The primary goal when analyzing a game's difficulty design is not simply describing how hard the challenges are. After all, such discussions are usually very subjective, lacking in concrete details. Even a more objective approach like a DKART skill analysis or an analysis of interesting choices doesn't quite cover the core essence of difficulty design. Effectively analyzing a game's difficulty design requires understanding the range of challenges in a game, their quality (skill based or not), and how the gameplay complexities (rules) are taught.
Player Controlled Options
Over four years ago I wrote an article about difficulty design. In it I explained that games typically present a range of player controlled difficulty options in a few main ways. In the article I used the terms organic and inorganic in a way that wasn't entirely clear. To clarify, the 3 main methods of player controlled difficulty design are gameplay options (formally organic), suspended options (formally in-organic), and an option of difficulty modes. Interestingly, Kid Icarus Uprising features all three types.
The gameplay options are ways that players increase or decrease the intensity of difficulty within a particular gameplay challenge based on their immediate available options. Examples in Kid Icarus Uprising include exploring extra areas and routes (typically populated with more enemies); ranging enemies to take them out one by one versus rushing into the thick of battle; and skipping enemies instead of destroying them. Adjusting difficulty in these ways comes naturally to us especially for games that use 2D or 3D space as a core dynamic.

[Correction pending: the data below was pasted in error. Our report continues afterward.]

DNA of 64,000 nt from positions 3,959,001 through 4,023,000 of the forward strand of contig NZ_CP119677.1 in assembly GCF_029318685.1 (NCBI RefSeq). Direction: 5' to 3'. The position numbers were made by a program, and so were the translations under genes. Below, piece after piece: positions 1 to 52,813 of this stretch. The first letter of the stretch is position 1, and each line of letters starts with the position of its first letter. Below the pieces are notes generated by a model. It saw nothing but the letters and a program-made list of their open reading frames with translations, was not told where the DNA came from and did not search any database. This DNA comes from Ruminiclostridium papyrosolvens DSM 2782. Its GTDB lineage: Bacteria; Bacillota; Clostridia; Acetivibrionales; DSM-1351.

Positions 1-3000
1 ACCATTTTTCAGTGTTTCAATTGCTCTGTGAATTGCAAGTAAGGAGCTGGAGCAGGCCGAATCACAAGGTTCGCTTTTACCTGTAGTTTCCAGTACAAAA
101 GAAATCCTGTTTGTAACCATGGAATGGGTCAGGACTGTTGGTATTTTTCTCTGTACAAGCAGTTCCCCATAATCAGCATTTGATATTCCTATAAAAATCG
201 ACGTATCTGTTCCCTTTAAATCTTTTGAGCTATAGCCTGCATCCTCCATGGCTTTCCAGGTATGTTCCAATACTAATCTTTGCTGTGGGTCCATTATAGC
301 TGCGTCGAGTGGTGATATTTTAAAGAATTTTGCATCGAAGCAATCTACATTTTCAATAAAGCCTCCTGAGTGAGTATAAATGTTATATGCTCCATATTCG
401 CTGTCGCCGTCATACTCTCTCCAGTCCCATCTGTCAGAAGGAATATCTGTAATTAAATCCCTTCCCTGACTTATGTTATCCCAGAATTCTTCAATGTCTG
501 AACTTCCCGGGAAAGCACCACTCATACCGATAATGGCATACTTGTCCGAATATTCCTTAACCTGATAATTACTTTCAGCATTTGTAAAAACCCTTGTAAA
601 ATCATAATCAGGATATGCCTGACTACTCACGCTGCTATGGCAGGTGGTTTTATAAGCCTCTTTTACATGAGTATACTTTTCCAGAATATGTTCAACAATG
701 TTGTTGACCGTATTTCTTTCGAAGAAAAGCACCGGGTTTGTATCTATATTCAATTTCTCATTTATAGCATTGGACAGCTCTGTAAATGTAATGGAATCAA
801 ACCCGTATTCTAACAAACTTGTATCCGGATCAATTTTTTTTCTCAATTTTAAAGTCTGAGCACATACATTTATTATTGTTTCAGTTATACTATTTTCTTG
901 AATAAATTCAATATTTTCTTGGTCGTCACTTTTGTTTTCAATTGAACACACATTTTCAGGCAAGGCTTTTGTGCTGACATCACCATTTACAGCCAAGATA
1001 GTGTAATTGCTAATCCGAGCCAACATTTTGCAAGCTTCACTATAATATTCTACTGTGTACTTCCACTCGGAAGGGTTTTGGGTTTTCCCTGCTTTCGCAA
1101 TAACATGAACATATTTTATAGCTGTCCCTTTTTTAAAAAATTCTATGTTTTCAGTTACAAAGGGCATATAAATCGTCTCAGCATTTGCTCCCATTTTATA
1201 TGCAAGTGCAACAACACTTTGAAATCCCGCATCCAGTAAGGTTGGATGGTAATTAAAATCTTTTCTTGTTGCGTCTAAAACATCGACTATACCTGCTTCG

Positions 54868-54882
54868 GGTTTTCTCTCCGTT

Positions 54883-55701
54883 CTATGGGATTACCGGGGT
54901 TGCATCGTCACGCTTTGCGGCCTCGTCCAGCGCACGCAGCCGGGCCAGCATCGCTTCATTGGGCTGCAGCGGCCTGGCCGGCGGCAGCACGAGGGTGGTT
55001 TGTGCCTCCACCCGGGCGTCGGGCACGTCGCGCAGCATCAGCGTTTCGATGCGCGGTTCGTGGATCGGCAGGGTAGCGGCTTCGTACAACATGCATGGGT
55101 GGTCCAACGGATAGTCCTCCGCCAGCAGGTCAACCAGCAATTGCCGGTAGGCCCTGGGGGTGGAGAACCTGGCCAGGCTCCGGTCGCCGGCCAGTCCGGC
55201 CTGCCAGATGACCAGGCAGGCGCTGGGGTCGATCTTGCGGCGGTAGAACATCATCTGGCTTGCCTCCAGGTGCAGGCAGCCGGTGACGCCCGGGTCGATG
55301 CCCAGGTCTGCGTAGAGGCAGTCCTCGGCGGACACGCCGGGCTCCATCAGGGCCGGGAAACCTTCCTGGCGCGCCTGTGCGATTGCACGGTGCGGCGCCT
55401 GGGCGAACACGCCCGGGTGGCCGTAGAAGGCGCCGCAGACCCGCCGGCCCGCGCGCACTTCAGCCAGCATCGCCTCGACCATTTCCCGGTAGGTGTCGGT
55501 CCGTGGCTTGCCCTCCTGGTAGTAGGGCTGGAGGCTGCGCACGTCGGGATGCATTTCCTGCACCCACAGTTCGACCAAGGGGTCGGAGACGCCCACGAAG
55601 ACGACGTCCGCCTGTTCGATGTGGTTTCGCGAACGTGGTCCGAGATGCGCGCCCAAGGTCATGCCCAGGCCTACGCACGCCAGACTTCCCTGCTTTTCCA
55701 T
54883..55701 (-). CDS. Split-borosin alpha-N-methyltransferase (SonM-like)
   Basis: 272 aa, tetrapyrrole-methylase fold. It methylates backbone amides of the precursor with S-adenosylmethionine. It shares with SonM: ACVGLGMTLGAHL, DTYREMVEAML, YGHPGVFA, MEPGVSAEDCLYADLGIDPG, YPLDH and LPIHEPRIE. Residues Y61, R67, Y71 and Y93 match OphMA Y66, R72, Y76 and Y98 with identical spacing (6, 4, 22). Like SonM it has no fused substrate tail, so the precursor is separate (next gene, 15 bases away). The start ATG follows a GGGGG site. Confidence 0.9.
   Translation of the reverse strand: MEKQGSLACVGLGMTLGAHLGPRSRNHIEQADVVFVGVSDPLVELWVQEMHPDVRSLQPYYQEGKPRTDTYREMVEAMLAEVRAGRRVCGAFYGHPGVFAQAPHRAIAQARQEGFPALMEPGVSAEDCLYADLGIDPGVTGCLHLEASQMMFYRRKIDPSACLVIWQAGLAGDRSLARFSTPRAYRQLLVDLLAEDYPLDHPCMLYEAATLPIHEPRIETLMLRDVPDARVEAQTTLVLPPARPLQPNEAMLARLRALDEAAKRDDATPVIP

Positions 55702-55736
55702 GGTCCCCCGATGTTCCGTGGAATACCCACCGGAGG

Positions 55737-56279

As far as suspended methods of adjusting difficulty, Kid Icarus Uprising let's players use any weapon in their collection in the single player. The level challenges do not adjust to the capabilities of the weapon you choose. The level challenges are fixed. So the weapon you bring into these challenges makes a big difference. For example, the boss in chapter 3 Heads of the Hewdraw is very difficult to defeat with a Magnus club because it has incredibly short ranged attacks and the boss and other key targets are positioned just beyond the shore. Also because these weapons have highly variable stats and strength, players typically don't understand just how much they're affecting the difficulty of missions when they pick their weapons. And even in battle, it's hard to tell exactly what's going on. This feedback issue is a common problem many "inorganic" stat based suspended difficulty options create in games.
Then there are the modes or levels of difficulty. Ever since Smash 64 Sakurai has shown a preference for minute increments of difficulty. The CPU AI in Smash can be set from 1-9. The difficulty in Brawl's single player has 5 levels from easy to intense. Kid Icarus Uprising takes things to another, perhaps excessive, level. Instead of just 9 levels of difficultly, players can fine tune the Fiend's Cauldronby a tenth of a point (see video above). 7.6 difficultly too hard for you? Try 7.5! If that doesn't work, there are 88 other degrees of difficulty to explore. I've been playing KIU's solo campaign for over 23 hours, and I can't tell you the difference .1 difficulty level makes. I'm not even sure how many gameplay variables are affected by the Fiend's Cauldron. But I do know that on higher intensities enemies take more damage, act and fire more quickly, do more damage, and seem to exhibit a greater variety of moves.